Girls and young women shouldn’t spend a lot of time editing selfies for social media because it negatively influences their thoughts about their looks, according to a new Flinders University publication.
In a study published in Body Image, Flinders University psychology researchers asked 130 women aged 18 to 30 to view Instagram snaps of thin and average sized women, before analysing their selfie habits.
They found that the longer the women took to edit and post selfies, the worse their mood and dissatisfaction about their facial appearance.
The women in the study spent about 4½ minutes editing up to five selfies, to smooth and change skin tone, remove dark eye circles, shape their faces and remove flaws.
Flinders University Professor Marika Tiggemann says investing time and effort into taking, selecting, and editing selfies are not harmless activities because they have detrimental effects on women motivated to present the best possible version of themselves.
“We found an increase in dissatisfaction following the selfie task was a based on the extent of editing being undertaken. This demonstrates that the editing of selfies is not a benign process but has negative consequences, even though participants reported being much happier with their edited selfie than their original photo,” Tiggemann says. “Many women and girls spend considerable time and effort in taking and selecting their selfies, for example, finding the best lighting and most flattering angle, which can then be further enhanced by filters or digital editing to maximise their appearance and appeal.”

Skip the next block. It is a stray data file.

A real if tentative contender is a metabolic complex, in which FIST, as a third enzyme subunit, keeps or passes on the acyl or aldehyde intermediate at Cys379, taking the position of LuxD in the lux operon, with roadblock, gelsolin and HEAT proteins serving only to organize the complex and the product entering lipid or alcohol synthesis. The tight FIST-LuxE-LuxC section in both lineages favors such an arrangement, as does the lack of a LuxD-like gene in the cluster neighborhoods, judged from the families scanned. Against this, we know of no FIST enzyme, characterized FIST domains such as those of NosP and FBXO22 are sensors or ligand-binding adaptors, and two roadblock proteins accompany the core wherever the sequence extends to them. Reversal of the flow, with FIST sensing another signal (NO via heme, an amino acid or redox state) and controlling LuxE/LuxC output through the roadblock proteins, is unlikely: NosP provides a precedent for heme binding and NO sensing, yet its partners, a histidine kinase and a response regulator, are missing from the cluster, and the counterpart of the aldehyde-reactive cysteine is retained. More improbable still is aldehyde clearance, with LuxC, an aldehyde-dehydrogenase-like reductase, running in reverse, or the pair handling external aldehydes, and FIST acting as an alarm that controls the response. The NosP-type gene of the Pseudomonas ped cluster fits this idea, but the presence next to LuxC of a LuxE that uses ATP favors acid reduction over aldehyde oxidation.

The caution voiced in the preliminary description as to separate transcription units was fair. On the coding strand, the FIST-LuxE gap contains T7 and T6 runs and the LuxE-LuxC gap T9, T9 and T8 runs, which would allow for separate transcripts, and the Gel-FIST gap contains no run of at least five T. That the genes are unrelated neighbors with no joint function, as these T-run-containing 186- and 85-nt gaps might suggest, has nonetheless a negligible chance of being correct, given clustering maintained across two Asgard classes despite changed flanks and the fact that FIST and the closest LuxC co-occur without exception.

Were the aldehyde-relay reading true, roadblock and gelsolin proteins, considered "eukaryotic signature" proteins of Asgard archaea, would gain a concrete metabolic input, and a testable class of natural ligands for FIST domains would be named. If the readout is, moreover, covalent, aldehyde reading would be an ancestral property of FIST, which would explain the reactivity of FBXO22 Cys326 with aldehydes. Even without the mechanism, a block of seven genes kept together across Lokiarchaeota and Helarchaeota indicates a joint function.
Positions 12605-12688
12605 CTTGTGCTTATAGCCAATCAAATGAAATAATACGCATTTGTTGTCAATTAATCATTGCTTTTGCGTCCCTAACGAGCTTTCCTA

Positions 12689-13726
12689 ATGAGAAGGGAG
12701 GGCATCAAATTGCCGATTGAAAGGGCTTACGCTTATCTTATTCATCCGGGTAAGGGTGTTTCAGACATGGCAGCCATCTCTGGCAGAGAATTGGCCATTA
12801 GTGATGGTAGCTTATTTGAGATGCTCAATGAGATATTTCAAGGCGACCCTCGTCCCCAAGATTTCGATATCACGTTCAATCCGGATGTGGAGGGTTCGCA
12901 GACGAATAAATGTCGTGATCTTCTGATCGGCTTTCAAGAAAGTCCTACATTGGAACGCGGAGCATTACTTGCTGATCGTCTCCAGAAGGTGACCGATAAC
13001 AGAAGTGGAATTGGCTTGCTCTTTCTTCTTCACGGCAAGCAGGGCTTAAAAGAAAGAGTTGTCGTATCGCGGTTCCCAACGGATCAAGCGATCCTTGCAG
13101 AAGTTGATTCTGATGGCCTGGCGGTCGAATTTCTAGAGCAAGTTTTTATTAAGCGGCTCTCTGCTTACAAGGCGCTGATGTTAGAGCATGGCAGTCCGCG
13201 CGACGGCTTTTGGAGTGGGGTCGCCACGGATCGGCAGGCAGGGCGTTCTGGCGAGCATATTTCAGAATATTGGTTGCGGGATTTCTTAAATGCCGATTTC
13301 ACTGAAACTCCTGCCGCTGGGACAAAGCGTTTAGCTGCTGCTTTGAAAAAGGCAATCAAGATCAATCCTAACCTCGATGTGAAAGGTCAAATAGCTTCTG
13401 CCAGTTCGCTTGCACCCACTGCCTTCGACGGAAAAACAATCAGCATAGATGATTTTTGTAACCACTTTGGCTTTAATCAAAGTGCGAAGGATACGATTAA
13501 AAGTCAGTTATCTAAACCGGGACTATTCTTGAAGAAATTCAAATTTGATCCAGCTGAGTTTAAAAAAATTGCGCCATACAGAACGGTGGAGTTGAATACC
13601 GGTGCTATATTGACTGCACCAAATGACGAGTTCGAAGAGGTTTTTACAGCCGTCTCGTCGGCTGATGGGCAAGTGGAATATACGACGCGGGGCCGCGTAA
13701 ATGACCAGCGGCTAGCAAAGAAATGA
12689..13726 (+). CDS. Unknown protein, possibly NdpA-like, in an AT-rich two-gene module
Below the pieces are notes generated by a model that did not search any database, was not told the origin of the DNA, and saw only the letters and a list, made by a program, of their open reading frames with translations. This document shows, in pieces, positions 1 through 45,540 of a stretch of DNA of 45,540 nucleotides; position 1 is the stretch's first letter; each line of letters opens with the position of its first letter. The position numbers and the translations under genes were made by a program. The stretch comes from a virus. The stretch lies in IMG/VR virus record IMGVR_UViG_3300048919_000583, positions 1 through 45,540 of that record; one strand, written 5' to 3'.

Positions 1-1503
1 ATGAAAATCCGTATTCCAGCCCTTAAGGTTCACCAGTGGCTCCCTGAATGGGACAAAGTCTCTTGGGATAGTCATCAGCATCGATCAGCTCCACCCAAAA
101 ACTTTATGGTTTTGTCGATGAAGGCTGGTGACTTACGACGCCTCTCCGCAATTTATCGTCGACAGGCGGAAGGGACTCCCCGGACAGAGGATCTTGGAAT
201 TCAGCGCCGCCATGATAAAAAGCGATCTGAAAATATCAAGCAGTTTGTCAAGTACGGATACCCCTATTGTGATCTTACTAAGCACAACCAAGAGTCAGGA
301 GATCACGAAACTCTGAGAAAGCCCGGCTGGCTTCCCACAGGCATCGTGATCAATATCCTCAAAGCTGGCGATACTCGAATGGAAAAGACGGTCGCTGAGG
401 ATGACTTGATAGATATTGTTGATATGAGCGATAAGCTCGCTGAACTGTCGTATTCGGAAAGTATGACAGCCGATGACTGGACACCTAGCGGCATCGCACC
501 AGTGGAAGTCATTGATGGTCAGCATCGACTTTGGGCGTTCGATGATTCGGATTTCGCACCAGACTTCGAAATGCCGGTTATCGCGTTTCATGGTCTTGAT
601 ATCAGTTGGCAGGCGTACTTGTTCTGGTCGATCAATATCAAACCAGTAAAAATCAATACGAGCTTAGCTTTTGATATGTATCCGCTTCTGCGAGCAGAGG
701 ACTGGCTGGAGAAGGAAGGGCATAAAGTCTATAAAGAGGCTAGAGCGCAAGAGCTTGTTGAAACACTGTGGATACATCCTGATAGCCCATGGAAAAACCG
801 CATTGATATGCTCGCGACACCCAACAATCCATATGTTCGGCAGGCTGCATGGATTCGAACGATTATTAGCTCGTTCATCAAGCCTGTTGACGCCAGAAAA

Prof Tiggemann says teenagers and young women should also be dissuaded from using software to edit selfies. “Women appear to be motivated by the wish to present the best possible version of themselves and are correspondingly substantially happier with their edited selfie than the original photo. Yet, at the same time, these activities have detrimental effects in terms of poorer mood and facial dissatisfaction.”
The results also indicate extensive selfie editing leads to feeling disingenuous online.
“These suggestions are respectively consistent with the two unique predictors of increased facial dissatisfaction, such as thinking about how others will judge you, and thinking about making yourself look better than you do in real life,” says Professor Tiggemann. “Our findings illustrate the difficulties women encounter in negotiating the contemporary social media world.”
‘Uploading your best self: Selfie editing and body dissatisfaction’ (2020) by M Tiggemann, I Anderberg and Z Brown has been published in Body Image.